Weight screening to be rolled out in schools
Published 11/03/2014 | 02:30
CHILDREN in infant classes are to be weighed and measured in the next school year as part of a new pilot scheme by the Health Service Executive.
The screening of children in the five- to six-year-old age group will be offered to parents in four pilots areas of Mayo, Laois-Offaly, Dublin 15 and Cork city.
Dr Cate Hartigan, head of health promotion and improvement in the HSE, said: "Parents will be given feedback on their child's growth, and if required, advice on steps they can take at home to ensure they rebalance diet and activity levels as their child grows.
"Any children whose growth results show signs of clinical obesity will be offered a community-based lifestyle intervention programme, based on the successful W82GO programme delivered by the Children's University Hospital, Temple Street."
However, Dr Francis Finucane, an endocrinologist in Galway University Hospital, pointed to questions about the benefits of obesity screening programmes for young people.
"An important consideration in any screening initiative is the evidence base that effective therapeutic interventions are available for individuals who are identified as being at risk.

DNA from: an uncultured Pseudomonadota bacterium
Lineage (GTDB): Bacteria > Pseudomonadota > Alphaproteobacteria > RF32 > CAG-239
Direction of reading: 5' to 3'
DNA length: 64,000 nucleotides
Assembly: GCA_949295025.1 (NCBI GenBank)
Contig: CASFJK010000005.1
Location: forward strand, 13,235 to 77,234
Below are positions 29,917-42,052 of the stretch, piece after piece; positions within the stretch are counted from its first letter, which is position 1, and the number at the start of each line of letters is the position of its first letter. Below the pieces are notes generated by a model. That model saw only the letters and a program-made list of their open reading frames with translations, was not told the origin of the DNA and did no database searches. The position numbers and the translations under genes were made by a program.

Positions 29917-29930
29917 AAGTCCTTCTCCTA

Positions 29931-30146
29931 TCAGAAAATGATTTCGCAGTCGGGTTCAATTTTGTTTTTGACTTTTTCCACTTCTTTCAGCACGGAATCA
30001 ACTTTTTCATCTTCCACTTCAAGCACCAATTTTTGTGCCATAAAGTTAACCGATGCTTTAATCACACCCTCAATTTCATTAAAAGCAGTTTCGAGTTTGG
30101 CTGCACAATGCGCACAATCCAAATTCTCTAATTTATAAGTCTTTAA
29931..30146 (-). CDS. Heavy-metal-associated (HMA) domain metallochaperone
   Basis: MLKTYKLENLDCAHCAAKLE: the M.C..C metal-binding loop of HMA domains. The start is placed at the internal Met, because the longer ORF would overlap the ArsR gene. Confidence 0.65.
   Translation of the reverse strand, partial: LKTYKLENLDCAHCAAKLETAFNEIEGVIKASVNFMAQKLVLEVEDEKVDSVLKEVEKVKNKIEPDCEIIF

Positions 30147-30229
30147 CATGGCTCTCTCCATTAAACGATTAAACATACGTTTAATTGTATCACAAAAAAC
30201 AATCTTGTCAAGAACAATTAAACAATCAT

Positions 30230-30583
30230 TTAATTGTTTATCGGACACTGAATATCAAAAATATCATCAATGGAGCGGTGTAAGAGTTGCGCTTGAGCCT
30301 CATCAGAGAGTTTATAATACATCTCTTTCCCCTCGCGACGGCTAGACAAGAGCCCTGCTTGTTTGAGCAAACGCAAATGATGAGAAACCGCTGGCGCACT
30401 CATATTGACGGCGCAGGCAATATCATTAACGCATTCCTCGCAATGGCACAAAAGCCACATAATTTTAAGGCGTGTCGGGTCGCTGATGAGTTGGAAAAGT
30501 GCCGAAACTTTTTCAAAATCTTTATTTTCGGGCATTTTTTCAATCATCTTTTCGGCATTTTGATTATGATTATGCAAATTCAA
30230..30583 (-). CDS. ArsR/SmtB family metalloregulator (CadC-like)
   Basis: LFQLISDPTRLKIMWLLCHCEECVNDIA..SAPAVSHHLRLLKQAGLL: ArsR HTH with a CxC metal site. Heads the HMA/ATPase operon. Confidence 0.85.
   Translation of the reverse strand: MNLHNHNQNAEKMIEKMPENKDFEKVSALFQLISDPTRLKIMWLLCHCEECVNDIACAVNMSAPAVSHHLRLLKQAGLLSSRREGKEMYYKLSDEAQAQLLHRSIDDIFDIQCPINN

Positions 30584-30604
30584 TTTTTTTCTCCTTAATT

"Screening for sight problems, we know that there are treatments. The evidence for obesity interventions in the community is less strong.
"Another potential problem is false reassurance in those children who may be just below the risk threshold. The most important concern is the potential distress to children labelled as having a problem."
Andrienne Lynam, a health promotion officer in the HSE, said parents could turn down the offer if they wished.
If a child is a certain weight the HSE will try to intervene with the whole family, directing children to self-help and active after-school programmes as well as linking up with local groups, such as the hurling club.